“‘D-Day Warriors: American Indians in the Military’ Opens at Field Museum,” by S.M. O’Connor

Tuesday, June 4, 2019 was the 75th anniversary of the D-Day invasion of France, when the Allies began to liberate France with the invasion of Normandy, which was under occupation by Nazi Germany and Fascist Italy.  Not coincidentally, the small exhibit D-Day Warriors: American Indians in the Military opened at The Field Museum of Natural History this month.  Charles Norman Shay, a Penobscot Elder and retired Master Sergeant, was a U.S. Army medic in that invasion force.[1]  The ninety-four-year-old Shay helped open a new park in Normandy, Charles Shay Memorial Park.[2] The exhibit, which uses photographs, historical narratives, and video interviews to relate Shay’s story and the contributions American Indians continue to make to the American military services, will close on Sunday, February 2, 2020. It is on display near the Maori Meeting House.  To learn more, check www.fieldmuseum.org/d-day.

Created in partnership with the Trickster Gallery in Schaumburg, Illinois, D-Day Warriors: American Indians in the Military features photo panels, video interviews of Shay, and a display case featuring a U.S. Army infantryman’s helmet used in France during the Second Great World War. “We wanted to focus on Charles Shay as part of the story, presenting him in the broader context of American Indian service in the military,” says Field Museum Exhibitions Operations Director Tom Skwerski.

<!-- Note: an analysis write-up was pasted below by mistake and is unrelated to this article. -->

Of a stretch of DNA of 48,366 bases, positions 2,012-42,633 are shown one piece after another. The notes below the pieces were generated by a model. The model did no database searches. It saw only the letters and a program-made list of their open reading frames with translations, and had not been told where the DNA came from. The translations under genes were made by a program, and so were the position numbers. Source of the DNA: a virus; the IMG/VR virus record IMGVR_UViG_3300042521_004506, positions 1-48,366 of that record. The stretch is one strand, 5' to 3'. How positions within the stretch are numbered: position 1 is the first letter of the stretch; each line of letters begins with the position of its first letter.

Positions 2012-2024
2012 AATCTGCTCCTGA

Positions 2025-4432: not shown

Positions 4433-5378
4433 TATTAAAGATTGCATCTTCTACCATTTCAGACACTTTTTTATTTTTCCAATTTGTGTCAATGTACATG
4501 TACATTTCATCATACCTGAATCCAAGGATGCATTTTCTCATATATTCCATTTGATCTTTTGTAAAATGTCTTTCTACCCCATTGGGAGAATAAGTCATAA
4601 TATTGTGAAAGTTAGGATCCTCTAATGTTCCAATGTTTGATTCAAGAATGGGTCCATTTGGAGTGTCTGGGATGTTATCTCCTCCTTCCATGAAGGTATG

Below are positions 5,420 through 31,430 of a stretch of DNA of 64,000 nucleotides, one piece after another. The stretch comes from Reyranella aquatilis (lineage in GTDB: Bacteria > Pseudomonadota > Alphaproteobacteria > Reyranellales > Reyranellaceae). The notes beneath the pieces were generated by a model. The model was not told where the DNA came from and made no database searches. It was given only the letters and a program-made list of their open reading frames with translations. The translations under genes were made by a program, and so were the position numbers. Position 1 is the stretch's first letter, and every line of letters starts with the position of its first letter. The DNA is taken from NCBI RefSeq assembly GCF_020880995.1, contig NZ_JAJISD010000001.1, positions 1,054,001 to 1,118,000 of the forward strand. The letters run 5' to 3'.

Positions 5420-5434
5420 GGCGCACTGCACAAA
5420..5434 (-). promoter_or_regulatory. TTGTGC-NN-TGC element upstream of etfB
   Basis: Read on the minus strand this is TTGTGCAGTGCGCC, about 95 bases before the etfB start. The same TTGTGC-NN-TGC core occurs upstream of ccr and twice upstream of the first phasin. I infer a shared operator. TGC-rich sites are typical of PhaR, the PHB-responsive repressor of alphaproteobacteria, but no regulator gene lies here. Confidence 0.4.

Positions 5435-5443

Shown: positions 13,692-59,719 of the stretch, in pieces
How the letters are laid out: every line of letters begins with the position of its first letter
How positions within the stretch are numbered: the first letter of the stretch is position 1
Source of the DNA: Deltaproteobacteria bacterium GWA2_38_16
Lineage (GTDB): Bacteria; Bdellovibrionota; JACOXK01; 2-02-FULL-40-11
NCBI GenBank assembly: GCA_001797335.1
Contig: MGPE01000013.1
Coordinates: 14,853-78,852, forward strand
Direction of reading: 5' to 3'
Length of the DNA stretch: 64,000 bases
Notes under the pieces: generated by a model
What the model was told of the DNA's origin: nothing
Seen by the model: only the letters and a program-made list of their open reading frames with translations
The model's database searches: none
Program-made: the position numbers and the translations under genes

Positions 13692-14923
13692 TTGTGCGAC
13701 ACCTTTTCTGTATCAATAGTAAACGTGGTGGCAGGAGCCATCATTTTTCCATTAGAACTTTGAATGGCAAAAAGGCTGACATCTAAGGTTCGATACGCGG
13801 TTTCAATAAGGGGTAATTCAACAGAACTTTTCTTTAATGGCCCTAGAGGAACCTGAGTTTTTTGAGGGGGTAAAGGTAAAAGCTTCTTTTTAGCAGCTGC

For over a decade, Shay has returned to Omaha Beach in Normandy every year to honor fallen servicemen and servicewomen through traditional American Indian ceremonies. Shay has also worked with fellow members of his tribe to identify unmarked graves in France, having found fifty-eight to date. According to The Field Museum, “Shay continues his annual trips to commemorate D-Day and combat the erasure of American Indian military narratives.”

Joe Podlasek, C.E.O. of the Trickster Gallery and a citizen of the Lac Courte Oreilles Ojibwe Tribe, hopes the exhibit will challenge misunderstandings visitors may have about American Indian history and culture. “Hollywood, literature, and history books about our people—but not written by our community—have kept us in that stereotypical role of fighting against, rather than for, this country,” stated Podlasek. “Twenty-two percent, or nearly one in four Native people, have served in the military. We have served in the United States Military in higher rates than any other ethnic group since the Revolutionary War—and that history needs to be shared at its fullest.”

Field Museum Curator of North American Anthropology Alaka Wali seconds Podlasek’s sentiment, encouraging veterans and the American Indian community to visit. “It is an honor to host this exhibition here at the Field Museum with our longtime collaborator, the Trickster Gallery,” Wali stated. “The remarkable story of Charles Shay is very moving, as it brings to light this little-known dimension of American Indian contribution to safeguarding the United States. We look forward to welcoming American Indian community members, veterans of all wars, and our general public.” Field Museum Curator of North American Anthropology Alaka Wali seconds Podlasek’s sentiment, encouraging veterans and the American Indian community to visit. “It is an honor to host this exhibition here at the Field Museum with our longtime collaborator, the Trickster Gallery,” Wali says. “The remarkable story of Charles Shay is very moving, as it brings to light this little-known dimension of American Indian contribution to safeguarding the United States. We look forward to welcoming American Indian community members, veterans of all wars, and our general public.”